“You’re probably better off without me anyway. I can’t dance,” He tells her, giving her an awkward smile. That’s what I love about him: he always tries to make people feel good (whether he succeeds or not). When the girl walks away, I immediately draw his mind off of her so that he doesn’t feel guilty. We talk, joke, laugh and, sometimes, trail off into silence and experience nothing but each other’s company. It is during one of these silences that the camp counselors tell us it’s time to go back to our dorms. Without saying a word, we turn and walk shoulder-to-shoulder back to our room. The silence that I had been enjoying suddenly becomes unbearable. I look at him. He is deliberately not looking at me.

“So.” He looks at me. I wonder where I’m going with this. “Ready for tomorrow?” I ask in my most convincing falsely-cheery voice.

“F***.” A melancholy, not melodramatic, but sincere, honest, and vulnerable emotion makes his response one of the most elegant I have ever heard. I have never heard a swear word mean so much. After a silence, one that seems to elaborate on his ‘f***’, he asks me, “you?”

“I guess.” I might as well lie since I have no means of saying anything as meaningful as what he said. It is possible, however, that my lie reveals just as much truth as it conceals. By the time we reach our room, we’re playing along with several other boys and seem to be back to our old, goofy selves. Then, when we enter our room and close the door, we continue the charade, teasing each other about our accents. My New England accent and his Texan one.

“You sound like you’re on helium” he laughs at me.

“Whateverr you say, partner” I mimic a cowboy tipping his hat. We’re in the very center of our room. In each other’s faces, laughing. We’re surprisingly close. I can smell his T-shirt. I don’t look at his eyes. My laughter trails away as I look at where his neck meets his chest- the smooth skin that disappears under his shirt. We’re so close now, neither of us is laughing anymore. It’s silent but for the thump of my heart. I don’t know what I’m supposed to do, but I know something will happen if I look up. But I don’t know if I have the will to look up because I have never experienced what I know is about to happen and, like all people, I have a natural fear of the unknown. By now there’s no real choice. We’ve been standing here too long. I’ve already made up my mind. One, two, three...

His eyes meet mine for an instant. I hear a slow breath come from him, moving his chest up and down irresistibly. Then, a second later I don’t see anything. My eyes are closed. We’re touching now, soft lips on lips. My heart’s beating is the only suggestion of the passing of time.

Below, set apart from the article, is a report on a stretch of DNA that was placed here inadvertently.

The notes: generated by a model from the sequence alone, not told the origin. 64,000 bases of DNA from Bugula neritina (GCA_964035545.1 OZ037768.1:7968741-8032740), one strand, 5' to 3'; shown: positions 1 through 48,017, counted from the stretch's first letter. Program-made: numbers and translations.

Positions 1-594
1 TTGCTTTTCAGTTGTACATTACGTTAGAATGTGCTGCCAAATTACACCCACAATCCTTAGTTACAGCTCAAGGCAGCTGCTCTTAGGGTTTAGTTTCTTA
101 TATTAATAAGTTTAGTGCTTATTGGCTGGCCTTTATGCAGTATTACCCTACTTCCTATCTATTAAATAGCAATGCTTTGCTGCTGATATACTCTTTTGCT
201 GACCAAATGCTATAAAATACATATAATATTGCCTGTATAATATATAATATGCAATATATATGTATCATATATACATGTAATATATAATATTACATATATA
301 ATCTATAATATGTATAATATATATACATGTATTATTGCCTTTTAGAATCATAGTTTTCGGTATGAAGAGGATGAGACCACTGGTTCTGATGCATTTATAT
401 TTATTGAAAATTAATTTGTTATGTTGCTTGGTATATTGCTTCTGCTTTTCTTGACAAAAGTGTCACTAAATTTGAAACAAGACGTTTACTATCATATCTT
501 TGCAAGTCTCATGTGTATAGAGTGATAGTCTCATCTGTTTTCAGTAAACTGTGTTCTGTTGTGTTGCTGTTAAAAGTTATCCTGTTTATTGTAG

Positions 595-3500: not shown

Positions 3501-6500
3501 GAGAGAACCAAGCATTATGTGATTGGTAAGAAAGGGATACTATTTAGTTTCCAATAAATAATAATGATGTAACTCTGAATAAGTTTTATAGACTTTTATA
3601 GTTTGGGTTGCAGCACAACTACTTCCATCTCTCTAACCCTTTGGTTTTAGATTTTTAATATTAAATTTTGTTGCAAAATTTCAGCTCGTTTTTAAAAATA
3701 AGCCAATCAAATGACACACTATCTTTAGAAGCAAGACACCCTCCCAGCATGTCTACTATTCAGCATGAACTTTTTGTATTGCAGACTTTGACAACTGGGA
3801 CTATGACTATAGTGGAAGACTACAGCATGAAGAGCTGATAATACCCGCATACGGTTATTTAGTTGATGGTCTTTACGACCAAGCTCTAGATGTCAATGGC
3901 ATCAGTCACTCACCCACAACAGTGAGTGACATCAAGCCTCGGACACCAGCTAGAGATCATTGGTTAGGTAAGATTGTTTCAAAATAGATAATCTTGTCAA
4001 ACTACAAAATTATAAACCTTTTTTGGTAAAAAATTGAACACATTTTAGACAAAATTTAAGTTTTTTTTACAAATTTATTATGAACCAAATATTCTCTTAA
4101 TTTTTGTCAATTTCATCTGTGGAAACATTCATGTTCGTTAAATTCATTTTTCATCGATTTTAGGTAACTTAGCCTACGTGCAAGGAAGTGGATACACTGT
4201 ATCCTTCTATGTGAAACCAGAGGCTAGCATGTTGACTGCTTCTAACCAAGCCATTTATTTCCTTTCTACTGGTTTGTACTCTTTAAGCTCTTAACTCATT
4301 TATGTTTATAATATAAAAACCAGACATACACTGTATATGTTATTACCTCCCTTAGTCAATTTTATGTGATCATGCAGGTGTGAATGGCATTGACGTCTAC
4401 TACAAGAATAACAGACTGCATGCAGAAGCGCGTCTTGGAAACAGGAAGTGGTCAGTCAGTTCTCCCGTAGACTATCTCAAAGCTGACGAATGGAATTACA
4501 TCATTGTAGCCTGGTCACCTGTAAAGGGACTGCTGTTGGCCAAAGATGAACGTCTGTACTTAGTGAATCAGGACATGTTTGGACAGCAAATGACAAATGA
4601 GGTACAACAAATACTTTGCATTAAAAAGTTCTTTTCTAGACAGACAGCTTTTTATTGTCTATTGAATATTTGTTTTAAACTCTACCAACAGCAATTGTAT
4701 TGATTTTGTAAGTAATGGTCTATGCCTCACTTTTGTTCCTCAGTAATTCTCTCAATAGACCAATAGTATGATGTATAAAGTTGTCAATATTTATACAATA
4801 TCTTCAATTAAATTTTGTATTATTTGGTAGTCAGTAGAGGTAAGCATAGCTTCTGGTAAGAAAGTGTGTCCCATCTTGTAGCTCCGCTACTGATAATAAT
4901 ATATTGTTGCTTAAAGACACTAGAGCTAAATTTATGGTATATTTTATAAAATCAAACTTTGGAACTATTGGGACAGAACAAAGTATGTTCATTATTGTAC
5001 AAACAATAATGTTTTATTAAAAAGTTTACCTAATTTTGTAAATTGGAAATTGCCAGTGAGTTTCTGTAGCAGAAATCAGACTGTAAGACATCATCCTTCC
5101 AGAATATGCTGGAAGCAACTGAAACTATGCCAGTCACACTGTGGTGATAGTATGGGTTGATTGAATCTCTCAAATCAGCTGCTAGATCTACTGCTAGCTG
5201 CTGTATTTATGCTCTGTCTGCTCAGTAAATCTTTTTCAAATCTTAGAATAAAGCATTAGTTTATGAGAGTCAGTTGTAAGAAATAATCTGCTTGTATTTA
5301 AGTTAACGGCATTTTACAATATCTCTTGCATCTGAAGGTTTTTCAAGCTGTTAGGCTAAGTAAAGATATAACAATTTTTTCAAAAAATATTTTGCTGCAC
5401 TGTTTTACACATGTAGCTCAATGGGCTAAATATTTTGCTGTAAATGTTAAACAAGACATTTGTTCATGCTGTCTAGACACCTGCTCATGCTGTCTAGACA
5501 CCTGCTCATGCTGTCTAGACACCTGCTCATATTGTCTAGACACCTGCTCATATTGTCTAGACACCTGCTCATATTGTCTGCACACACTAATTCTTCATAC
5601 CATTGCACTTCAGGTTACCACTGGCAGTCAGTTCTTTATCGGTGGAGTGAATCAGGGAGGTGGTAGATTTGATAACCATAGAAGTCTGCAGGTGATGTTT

A moment later, my eyes open and look into his.

Hot Damn! What the Hell just happened?!

Another 200 pages later, Logan is more of a metaphor than a main character. He has faded into the mix of numerous plot points in the book that must be remembered in order to understand the main character’s motivations but that are often forgotten and consequently leave both the reader and main character quite confused.

I am sitting on a bed in my room. My father is sitting in a chair in the middle of the room. I told him that there was something I needed to tell him about a week ago and now he has come to hear what I have to say.

“Can you guess?” I ask. I had dropped him more than enough hints that he should know by now.

“Why don’t you just tell me?”

“Why don’t you just guess?” We sit at a silent impasse for a moment.

“Is it about you wanting to be in a relationship?” I nod very slowly. “Is it about the kind of relationship you want?” I continue to nod, holding my face behind my pillow. In my hiding place I grin a wide, stupid smile as I often do when I am nervous. My limbs are jerky and I feel every slightest movement. Consequently I hold myself unnaturally still. “Do you want a relationship with a boy?” My heart skips a beat and I hesitate for a few seconds, I’ve stopped nodding. If I continue the result will be as permanent as the stroke of a sword. I wait a few seconds too long. Just like before there is no real choice left. I made up my mind 200 pages ago. Then, so as not to appear overly dramatic, I smile at him and nod patronizingly as if he had just come to the conclusion that 2 + 2 = 4. My heart, which has been in a flurry, drops and sinks into my stomach at the impassive expression on his face that tells me more than I want to know.

“I’m gay.” The words feel strange on my tongue. I never thought I’d say them before. Now, I speak them to impress the truth upon him and to grasp for myself exactly what I have just told him. I brace myself, tensing all over, realizing for the first time the enormity of the distance I have travelled with this inevitable truth.